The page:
For example, one of the mechanisms involved in behavioural change is motivation (a mechanism), which is enhanced by self-efficacy (another mechanism). Motivation and self-efficacy and their influence on behaviour (goal) have been documented in numerous classical theories. One way to increase self-efficacy is to provide positive feedback on the change process (interventional component), an approach that has been documented by several implementation theories. This positive feedback could be provided by professionals (another interventional component), but also by relatives or communities around the person, who need to be involved and sensitized to support the person in the change process (another interventional component). Some experiments have explained how to mobilize these communities according to specific or generalizable process models that involve training or supportive processes. The ability to do this may be dependent on multiple contextual elements that can act as barriers or enablers (contextual elements). For instance, the motivation to change could be impeded or favoured by the opportunity for change due to a lack of, or the provision of, resources to support the change. The roles of these contextual factors have been documented by numerous socioecological determination frameworks [22,23,24,25].

Hence, we attempt to synthesize these different approaches (framework models, classical theories, etc.) in the field of PHI to assess how they might help to clarify theoretical understanding of the intervention system. This work is summarized in Table 1, which clarifies the contributions of these theories to an understanding of the interventional system, thereby providing a definition of the components of the ISyT. We did not include the methodological frameworks that are potentially useful to define the development and evaluation stages of ISyT (such as TDE frameworks).

Table 1 Four theoretical approaches for understanding the population health interventional system (ISy)

The role of mechanisms in ISyT

The aim in designing this ISyT is to understand how these mechanisms are produced [5, 6] and under which conditions they trigger specific results. Such mechanisms are consequently considered key functions of the interventional system [5, 6]. Their integrity guarantees the transferability of an intervention. We should distinguish these key functions from their form which reflects adaptation to the context, at the same time noting that there are different definitions of mechanisms [5, 26]. Machamer et al. [27] defined them as “entities and activities organized such that they are productive of regular changes from start or set-up to finish or termination of conditions”. Weiss defined them as different from activities, but the response that the activities generate [8, 28]. In a similar vein, in the realistic approach, a mechanism is “an element of reasoning and reaction of an agent with regard to an intervention productive of an outcome in a given context” [26]. In health psychology, they can be defined as “the processes by which a behavior change technique regulates behavior” [29]. This could include, for instance, how practitioners perceive an intervention’s usefulness or how individuals perceive their ability to change their behaviour.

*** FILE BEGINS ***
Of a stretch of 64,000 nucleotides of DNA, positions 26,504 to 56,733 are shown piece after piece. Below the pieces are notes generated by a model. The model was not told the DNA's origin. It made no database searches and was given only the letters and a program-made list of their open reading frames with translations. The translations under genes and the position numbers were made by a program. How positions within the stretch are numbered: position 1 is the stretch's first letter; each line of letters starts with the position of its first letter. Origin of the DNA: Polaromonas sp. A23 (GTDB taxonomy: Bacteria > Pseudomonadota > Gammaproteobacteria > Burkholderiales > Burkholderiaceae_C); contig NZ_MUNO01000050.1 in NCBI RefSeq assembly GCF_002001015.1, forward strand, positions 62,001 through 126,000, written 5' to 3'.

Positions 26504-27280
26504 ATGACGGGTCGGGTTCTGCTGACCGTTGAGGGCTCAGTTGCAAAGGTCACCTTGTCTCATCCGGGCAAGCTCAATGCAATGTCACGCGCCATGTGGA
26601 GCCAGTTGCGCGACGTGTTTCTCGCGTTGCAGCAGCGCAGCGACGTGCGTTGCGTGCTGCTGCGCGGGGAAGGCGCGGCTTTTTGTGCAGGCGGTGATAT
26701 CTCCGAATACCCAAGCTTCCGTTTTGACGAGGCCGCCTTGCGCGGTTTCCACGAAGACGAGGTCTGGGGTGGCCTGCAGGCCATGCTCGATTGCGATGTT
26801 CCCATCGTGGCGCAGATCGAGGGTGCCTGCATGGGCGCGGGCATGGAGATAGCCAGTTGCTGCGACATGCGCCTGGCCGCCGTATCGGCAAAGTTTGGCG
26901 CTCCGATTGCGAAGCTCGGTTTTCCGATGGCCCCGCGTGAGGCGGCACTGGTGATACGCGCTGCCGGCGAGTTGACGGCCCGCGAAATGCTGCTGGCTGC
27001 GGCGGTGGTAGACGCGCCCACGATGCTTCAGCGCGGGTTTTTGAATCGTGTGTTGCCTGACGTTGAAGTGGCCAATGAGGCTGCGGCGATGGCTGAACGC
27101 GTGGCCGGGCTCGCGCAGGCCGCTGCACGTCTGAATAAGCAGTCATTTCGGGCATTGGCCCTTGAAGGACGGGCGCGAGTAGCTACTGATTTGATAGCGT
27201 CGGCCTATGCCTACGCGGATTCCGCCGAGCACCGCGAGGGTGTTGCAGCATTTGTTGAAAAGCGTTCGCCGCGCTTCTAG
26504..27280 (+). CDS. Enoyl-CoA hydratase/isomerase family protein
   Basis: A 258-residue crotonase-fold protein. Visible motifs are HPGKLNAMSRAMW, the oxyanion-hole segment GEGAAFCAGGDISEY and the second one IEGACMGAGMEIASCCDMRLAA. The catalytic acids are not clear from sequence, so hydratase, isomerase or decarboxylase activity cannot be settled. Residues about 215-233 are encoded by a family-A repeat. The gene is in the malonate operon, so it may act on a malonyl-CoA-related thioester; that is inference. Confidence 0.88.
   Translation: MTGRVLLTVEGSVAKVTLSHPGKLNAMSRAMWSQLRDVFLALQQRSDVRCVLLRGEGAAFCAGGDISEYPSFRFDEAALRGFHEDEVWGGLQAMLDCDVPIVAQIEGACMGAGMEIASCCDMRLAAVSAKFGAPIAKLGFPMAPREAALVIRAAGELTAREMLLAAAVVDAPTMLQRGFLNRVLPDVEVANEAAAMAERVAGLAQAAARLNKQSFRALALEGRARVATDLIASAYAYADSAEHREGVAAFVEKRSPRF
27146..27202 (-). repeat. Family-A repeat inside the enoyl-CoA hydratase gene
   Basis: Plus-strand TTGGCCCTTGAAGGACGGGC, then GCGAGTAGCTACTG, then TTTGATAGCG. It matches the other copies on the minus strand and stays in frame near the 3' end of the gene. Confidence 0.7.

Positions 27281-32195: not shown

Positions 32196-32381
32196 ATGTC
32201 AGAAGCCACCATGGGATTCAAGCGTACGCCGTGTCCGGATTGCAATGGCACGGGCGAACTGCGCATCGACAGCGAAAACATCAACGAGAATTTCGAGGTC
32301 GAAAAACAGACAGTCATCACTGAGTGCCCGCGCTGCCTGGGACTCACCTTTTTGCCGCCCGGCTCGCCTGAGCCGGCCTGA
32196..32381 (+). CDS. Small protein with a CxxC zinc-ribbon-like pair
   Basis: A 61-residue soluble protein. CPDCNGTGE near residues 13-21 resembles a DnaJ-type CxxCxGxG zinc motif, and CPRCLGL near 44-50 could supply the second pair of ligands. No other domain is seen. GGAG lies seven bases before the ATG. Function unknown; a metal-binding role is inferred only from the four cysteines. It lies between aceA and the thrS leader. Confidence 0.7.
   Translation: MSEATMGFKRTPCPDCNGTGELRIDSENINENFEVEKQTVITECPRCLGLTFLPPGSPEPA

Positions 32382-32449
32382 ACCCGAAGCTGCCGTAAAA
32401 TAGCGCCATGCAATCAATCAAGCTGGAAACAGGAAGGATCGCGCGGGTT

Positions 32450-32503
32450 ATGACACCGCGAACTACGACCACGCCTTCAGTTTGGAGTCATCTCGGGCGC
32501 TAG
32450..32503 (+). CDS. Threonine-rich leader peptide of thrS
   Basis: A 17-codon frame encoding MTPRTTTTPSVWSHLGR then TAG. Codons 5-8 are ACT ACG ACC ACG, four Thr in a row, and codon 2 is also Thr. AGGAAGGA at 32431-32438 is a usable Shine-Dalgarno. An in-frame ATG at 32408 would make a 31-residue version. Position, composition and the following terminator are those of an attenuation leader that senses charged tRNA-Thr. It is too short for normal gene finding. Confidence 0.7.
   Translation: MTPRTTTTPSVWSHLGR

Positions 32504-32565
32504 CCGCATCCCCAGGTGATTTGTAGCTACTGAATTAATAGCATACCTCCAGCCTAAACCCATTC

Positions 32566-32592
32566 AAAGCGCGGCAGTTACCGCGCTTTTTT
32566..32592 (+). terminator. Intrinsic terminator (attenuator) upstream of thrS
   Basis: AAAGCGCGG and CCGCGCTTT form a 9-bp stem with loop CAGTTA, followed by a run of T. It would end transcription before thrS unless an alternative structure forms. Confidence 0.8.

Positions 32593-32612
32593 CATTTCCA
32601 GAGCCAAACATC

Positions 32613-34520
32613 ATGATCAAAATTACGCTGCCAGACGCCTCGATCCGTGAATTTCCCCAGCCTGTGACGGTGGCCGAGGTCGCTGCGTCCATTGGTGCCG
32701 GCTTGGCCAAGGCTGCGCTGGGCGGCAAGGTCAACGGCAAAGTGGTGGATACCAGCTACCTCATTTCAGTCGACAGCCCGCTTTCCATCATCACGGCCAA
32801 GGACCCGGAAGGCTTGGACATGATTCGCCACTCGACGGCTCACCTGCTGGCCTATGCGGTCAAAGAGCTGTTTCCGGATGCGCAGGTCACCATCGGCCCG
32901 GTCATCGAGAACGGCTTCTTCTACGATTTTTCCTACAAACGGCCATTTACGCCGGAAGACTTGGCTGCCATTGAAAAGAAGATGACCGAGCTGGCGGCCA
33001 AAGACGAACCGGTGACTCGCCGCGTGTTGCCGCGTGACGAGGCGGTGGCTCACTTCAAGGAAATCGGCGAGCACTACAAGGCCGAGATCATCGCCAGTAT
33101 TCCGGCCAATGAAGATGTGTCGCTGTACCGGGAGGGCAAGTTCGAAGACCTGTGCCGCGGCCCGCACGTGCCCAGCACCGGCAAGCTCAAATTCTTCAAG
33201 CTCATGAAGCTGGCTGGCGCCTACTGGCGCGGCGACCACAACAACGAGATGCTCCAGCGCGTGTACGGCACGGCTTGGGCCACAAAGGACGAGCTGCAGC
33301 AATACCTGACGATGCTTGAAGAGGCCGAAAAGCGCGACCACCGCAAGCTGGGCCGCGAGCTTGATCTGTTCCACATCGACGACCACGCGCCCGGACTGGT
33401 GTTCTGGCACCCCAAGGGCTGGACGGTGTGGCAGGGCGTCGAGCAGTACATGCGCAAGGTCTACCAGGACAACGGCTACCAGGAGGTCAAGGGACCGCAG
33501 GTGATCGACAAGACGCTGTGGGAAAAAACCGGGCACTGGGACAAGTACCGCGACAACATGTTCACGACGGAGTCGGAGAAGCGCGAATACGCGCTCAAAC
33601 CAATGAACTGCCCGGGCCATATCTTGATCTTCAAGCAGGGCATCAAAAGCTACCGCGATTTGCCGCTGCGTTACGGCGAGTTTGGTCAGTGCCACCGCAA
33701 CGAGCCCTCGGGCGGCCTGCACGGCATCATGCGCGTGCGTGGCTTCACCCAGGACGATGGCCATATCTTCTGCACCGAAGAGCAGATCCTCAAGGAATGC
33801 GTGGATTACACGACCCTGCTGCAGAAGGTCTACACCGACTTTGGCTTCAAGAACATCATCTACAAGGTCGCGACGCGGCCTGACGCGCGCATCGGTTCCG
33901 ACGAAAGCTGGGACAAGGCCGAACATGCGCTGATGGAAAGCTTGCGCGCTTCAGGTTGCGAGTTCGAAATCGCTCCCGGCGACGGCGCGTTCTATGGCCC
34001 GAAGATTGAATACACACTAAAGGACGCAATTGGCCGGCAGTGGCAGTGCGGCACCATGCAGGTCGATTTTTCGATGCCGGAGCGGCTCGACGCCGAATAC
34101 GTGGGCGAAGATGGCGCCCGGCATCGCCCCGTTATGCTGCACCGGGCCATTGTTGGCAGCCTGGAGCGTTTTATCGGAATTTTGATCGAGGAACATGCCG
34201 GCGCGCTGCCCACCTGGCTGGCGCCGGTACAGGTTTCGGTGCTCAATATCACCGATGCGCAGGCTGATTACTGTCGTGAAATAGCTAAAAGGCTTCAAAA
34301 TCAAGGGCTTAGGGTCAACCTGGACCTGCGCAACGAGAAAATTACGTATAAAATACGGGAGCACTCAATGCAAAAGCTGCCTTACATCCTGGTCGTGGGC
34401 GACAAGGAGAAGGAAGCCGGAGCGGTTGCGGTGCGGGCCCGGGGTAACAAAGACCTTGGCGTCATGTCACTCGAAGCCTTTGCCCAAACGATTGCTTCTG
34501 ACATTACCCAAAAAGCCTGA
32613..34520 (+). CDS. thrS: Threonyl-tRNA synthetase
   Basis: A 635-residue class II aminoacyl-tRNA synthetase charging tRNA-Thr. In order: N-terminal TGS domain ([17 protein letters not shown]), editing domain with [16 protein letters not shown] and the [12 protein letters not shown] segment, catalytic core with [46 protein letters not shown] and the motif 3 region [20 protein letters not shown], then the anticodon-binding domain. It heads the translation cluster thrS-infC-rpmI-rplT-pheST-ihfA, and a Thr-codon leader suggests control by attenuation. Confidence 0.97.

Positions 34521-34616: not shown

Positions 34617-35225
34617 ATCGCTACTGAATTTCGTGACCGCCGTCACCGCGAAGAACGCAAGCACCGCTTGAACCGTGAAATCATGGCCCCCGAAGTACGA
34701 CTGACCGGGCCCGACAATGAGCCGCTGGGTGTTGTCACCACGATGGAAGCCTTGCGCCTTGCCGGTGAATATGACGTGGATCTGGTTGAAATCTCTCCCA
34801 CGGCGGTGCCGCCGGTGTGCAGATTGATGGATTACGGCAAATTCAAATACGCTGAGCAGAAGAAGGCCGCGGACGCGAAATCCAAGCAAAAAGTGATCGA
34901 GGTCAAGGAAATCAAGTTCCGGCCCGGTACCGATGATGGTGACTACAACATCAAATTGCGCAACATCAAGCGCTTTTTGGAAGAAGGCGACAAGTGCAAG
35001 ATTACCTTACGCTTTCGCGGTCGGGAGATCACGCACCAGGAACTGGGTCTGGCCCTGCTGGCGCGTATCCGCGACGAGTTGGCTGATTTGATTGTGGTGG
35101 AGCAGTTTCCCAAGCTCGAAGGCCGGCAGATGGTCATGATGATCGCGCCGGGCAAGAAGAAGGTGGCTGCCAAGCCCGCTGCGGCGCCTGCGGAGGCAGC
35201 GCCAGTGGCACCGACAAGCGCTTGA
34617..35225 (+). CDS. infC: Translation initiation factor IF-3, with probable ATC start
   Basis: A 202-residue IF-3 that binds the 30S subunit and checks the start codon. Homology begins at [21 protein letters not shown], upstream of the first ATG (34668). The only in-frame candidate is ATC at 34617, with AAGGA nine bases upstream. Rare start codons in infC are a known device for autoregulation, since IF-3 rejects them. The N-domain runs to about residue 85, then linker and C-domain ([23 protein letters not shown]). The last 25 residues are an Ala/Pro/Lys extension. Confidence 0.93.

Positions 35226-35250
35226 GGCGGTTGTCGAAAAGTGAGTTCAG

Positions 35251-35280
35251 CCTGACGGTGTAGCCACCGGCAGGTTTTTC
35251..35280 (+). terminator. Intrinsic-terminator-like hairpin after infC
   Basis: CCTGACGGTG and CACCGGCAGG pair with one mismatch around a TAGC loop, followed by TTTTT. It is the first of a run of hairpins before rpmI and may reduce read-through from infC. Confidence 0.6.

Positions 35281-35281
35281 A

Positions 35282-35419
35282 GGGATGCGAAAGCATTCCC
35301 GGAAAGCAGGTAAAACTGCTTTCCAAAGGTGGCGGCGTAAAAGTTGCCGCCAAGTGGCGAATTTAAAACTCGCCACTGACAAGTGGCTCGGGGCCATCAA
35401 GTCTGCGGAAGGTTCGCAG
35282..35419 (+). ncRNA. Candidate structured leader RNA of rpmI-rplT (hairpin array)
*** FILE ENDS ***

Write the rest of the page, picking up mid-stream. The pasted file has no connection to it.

These definitions have a common point: mechanisms are the inescapable prerequisites for change. In this respect, we argue that they are key factors for investigation by means of a TDE, and are the elements of an interventional system that must be reproduced during transfer to other settings [5, 6]. Indeed, many combinations of intervention–contextual elements could produce the same mechanism (e.g., some people are sensitive to emotional support during smoking cessation, while others prefer to have technical support, but both types of support can trigger the same mechanism: i.e., the impression of being reassured, helped and supported). During the transfer to other settings, implementation variations, population characteristics and organizational factors can change, producing the same mechanism or mechanisms that differ from those expected. The intervention process could be adapted to each new context if these adaptations permit the expected mechanisms to occur, which is why the mechanisms are the key functions that must be reproduced.

Thus, the characteristics described in Table 2 can be attributed to ISyT.

Table 2 Characteristics of ISyT

Using ISyT in the evaluation process

With reference to the theory-driven paradigm, ISyT contributes to the design and evaluation of an interventional system. As in the various theory-driven frameworks such as realistic evaluation [30] or the theory of change (TOC) framework [10], the process involves various key steps in articulating definitions, revising theory and collecting data to inform and refine the theory. To be complete and effective, this process should (i) be established in a participatory way that combines experiential and scientific knowledge, and involves different stakeholders, including populations targeted by the intervention, field professionals developing the intervention who are aware of the context, and researchers providing a global and multidisciplinary analysis of the phenomenon under study; (ii) employ an evidence-based and rigorous consensus-building process that includes, for example, literature reviews, workshops and exploratory studies; (iii) use a hybrid approach that combines both hypothetico-deductive and inductive methods; and (iv) mobilizes quantitative and qualitative data collected in mixed-methods designs [31, 32]. This process could be defined as that depicted in Fig. 2.